No aspirations of getting rich but I learned something new and seems like a pretty harmless way to tinker.
https://www.treasurydirect.gov/instit/a ... 0618_2.pdf

Not sure on a few details of rollover - the 13 week bills auction on Mondays and settle on Thursdays with maturity dates 13 weeks out also on Thursdays. Makes me wonder if within a given week I can buy at auction on the Monday prior to a bill maturing Thursday of that week without incurring a margin balance, since the maturity of the old bill and settlement date of the newly purchased bill are on the same day.
I recently asked a Schwab rep this question. You may find this post useful: viewtopic.php?f=1&t=244645&p=3951325&hi ... n#p3951969
That's a different question. MnD is asking about settlement dates and margin costs not auto rollovers.
I think they are related. I should say also, I don't have a margin account and they allowed this. So this is just their means of allowing their customers to do rollovers.
"To play the stock market is to play musical chairs under the chord progression of a bid-ask spread."

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Re: US T bills - first time user

Post by MnD » Thu Jun 21, 2018 10:27 am

yes, the topics are related.
Schwab doesn't have an auto-rollover but it appears from Triceratops inquiry that the timing I proposed for manual rollovers (maturity date same data as settlement date of new purchase) will work at Schwab.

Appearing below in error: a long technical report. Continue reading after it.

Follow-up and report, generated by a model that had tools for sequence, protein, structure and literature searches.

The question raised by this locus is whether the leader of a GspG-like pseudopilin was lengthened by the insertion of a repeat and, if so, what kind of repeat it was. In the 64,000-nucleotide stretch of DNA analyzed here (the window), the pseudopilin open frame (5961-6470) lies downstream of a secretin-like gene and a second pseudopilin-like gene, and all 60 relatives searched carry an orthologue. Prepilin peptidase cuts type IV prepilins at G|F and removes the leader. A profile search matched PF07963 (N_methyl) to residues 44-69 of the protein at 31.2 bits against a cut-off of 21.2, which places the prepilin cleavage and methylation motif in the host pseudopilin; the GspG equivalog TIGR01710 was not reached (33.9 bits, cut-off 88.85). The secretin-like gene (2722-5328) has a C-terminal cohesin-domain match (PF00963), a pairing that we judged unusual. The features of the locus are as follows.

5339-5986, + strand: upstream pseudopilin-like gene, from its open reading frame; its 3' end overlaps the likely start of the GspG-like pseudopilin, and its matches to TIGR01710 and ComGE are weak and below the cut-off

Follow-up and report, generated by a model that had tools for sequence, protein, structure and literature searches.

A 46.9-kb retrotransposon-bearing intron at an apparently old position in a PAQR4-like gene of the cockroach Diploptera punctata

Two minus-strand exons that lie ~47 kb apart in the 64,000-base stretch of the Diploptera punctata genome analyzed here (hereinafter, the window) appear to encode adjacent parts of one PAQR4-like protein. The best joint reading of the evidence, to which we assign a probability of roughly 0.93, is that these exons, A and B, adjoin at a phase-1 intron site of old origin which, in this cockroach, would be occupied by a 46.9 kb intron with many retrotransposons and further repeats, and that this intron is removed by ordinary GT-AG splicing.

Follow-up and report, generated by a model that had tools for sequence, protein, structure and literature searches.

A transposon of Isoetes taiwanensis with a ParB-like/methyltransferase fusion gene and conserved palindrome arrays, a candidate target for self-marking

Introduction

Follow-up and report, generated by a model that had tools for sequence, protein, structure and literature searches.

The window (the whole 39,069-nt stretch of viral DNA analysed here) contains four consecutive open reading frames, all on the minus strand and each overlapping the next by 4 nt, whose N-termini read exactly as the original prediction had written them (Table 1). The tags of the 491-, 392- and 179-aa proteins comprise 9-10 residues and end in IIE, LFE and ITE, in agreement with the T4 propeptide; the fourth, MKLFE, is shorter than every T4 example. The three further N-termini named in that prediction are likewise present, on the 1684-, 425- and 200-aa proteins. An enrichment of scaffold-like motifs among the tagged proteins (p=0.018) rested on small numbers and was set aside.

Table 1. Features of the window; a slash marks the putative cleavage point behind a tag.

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Re: US T bills - first time user

Post by Doc » Thu Jun 21, 2018 10:59 am

Nitpick for clarity.

Selling a Treasury one business day before settlement or having one mature on the settlement date of a new Treasury purchased either on the open market or at auction is "allowed" by (SEC?) regulations.

Whether or not rolling a maturing Treasury into a new Treasury automatically is an individual broker's policy.

I think we all agree. :D
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Re: US T bills - first time user

Post by triceratop » Thu Jun 21, 2018 11:14 am

Doc wrote:
Thu Jun 21, 2018 10:59 am
Selling a Treasury one business day before settlement or having one mature on the settlement date of a new Treasury purchased either on the open market or at auction is "allowed" by (SEC?) regulations.